At this point, I reached out to SiteGround’s live support chat while having a breakdown. I was unbelievably upset that bad robots were trying to drive traffic to my site with the intention of crashing my servers and hacking my site. I have worked on my blog for nearly five years and suddenly, out of nowhere, someone was trying to take that away from me. WHY! WHY ME?!? I was hyperventilating and on the verge of tears. I reached out to SiteGround’s live chat support not one, not two, not three, but a total of FIVE TIMES (this is the beef I was talking about earlier). My site was up against some TOUGH robots, guys.
The folks at SiteGround did a number of things to combat the problem. They added a robots.txt file (which you should ALL HAVE! I think I deleted mine thinking I wouldn’t need it years ago, big mistake), as well as some lines of code to my .htaccess file (found on cPanel). After all of the changes, it took well over 24 hours for my traffic to return to normalcy. I was ready to accept that most of my traffic would be artificial going forward, when finally, it died down.
OTHER THINGS YOU CAN DO
Right before my traffic went back to normal, I was looking into paying for firewall/security software (thank goodness I didn’t end up doing so). Two services I was looking into were Cloudflare and Wordfence. I found out about both of those sites through trusted sources.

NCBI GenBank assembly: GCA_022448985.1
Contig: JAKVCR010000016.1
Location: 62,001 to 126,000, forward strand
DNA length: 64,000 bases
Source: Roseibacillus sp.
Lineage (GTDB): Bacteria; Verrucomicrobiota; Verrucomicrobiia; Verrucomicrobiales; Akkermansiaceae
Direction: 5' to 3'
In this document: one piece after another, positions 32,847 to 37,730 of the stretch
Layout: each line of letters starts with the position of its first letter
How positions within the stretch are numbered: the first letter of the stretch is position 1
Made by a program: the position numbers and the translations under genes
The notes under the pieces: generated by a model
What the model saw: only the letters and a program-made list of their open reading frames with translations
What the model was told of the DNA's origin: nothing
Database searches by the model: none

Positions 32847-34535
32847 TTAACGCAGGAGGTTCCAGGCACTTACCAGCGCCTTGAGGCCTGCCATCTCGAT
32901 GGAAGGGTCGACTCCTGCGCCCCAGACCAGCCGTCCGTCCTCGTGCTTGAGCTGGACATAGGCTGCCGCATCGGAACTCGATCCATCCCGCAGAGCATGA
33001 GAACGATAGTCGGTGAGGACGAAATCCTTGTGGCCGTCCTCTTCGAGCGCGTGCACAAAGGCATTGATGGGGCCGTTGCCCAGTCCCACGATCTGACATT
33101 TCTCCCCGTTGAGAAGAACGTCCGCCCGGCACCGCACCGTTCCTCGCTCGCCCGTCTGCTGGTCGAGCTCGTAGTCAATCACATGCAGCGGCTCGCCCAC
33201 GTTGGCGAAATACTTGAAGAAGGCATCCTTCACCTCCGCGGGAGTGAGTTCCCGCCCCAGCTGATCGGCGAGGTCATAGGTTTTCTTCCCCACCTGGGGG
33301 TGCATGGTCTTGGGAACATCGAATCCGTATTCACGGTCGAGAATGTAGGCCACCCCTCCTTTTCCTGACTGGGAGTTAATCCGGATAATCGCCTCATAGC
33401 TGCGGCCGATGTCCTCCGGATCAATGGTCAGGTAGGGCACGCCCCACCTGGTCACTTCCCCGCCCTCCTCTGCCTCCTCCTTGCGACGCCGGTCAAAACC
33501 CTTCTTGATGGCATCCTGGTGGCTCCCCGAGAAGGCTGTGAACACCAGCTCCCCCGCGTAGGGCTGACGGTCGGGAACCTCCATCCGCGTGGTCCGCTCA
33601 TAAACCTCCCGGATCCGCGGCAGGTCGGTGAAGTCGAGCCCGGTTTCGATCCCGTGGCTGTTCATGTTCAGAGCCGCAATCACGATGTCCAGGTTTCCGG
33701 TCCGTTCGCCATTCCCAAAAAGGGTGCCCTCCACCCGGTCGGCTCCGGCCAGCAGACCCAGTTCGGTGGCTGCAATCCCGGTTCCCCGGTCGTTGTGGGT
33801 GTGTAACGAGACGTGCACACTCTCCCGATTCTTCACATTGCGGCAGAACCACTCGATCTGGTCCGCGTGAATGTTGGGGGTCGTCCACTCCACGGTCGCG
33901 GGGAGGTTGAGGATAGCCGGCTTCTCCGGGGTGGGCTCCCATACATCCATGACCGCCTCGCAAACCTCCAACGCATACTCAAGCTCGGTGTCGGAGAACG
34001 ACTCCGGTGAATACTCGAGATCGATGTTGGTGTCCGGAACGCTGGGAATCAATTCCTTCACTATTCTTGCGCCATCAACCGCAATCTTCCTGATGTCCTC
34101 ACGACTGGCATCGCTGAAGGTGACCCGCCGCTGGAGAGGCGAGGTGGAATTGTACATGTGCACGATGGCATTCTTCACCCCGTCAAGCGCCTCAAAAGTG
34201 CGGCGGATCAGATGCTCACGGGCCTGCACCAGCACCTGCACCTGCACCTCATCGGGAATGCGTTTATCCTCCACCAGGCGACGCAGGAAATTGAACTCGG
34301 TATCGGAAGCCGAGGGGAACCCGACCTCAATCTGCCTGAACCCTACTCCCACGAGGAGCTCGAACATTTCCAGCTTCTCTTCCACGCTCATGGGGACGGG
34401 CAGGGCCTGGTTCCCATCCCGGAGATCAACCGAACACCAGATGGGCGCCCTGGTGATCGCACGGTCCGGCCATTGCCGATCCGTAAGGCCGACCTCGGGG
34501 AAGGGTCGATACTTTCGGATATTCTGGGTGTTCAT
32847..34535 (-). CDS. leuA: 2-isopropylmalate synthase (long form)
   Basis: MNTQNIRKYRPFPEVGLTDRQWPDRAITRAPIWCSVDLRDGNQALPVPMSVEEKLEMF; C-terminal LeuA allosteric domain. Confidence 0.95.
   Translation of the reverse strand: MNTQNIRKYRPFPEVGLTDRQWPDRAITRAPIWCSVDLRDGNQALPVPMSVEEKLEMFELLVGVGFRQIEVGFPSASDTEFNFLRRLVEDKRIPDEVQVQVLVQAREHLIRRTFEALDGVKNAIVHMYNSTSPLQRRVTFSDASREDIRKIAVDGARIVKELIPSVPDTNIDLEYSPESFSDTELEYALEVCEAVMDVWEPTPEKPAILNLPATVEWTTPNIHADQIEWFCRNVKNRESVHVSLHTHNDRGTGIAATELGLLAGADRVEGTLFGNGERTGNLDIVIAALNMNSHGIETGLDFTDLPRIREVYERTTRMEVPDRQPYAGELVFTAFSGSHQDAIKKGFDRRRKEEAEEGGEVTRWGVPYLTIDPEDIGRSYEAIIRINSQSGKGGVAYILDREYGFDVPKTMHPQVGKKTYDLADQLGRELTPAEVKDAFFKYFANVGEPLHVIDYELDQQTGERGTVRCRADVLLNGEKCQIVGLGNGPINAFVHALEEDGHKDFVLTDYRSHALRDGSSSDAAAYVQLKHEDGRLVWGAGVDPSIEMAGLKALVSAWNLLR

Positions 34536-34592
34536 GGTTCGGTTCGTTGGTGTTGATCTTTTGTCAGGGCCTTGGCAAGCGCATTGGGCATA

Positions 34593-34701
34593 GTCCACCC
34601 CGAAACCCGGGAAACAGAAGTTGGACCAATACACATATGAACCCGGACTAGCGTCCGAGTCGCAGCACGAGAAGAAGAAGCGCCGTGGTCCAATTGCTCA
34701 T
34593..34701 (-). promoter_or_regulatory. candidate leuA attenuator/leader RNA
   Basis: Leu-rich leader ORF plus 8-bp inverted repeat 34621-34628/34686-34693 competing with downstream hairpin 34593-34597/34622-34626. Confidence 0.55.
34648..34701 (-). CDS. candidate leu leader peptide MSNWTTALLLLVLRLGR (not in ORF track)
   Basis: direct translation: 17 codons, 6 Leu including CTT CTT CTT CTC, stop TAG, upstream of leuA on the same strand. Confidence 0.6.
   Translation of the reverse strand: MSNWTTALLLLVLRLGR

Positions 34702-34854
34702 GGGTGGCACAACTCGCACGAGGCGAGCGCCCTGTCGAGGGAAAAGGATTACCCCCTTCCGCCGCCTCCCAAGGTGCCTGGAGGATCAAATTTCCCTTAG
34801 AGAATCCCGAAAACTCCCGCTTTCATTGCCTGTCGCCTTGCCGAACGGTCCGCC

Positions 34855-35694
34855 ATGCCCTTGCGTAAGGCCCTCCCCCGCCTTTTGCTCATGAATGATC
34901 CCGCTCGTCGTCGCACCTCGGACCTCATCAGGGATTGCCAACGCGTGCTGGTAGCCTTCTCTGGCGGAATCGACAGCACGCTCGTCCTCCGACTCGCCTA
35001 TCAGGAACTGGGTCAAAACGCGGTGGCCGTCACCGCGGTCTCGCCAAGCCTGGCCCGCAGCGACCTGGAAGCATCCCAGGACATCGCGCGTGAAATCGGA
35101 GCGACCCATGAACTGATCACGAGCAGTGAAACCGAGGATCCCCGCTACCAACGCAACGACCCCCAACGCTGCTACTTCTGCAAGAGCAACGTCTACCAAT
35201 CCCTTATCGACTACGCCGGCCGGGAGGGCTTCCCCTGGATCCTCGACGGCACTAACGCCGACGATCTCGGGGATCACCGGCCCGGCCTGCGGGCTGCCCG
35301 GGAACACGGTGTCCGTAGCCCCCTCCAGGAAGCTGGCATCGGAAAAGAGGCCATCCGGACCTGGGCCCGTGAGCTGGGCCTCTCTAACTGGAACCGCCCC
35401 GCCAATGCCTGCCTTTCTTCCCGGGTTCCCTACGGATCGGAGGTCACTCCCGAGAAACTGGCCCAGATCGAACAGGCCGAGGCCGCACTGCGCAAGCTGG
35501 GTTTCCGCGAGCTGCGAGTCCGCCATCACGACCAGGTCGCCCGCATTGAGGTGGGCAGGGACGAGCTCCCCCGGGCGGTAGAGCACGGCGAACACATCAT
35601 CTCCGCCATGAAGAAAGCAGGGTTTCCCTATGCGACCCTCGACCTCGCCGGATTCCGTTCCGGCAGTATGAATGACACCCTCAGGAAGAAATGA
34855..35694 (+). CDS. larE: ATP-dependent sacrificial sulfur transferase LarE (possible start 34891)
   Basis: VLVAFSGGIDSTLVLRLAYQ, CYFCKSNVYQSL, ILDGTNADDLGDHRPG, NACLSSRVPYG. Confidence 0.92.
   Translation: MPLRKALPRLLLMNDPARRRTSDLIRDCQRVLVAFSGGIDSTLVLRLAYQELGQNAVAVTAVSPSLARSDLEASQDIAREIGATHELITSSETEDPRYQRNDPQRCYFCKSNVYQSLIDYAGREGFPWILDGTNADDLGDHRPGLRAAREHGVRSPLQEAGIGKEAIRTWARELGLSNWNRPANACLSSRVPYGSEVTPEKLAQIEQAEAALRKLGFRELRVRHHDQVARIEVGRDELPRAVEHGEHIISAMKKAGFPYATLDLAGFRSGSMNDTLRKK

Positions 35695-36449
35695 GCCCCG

I certainly went to hell and back but I also learned so much from this experience. Not only did I learn how to stop bad robots from crawling your blog, I developed a solid understanding of robots in the world of modern cyber security. The scary thing is, bots are continuously evolving. Hackers are constantly inventing new ways to steal information. Knowing this, purchasing firewall software is probably a smart move for the long run.
Have you ever had a cyber security scare on your site? Do you have a robust robots.txt file? Do you feel like you have a good grip on how to stop bad robots from crawling your blog? Let me know what you thought of this post in the comments! I’ve never written about techie stuff before and I want to know if you enjoyed it/found it helpful 🙂
Connect with me on social:
This post uses affiliate links. NRoH thanks you for your support!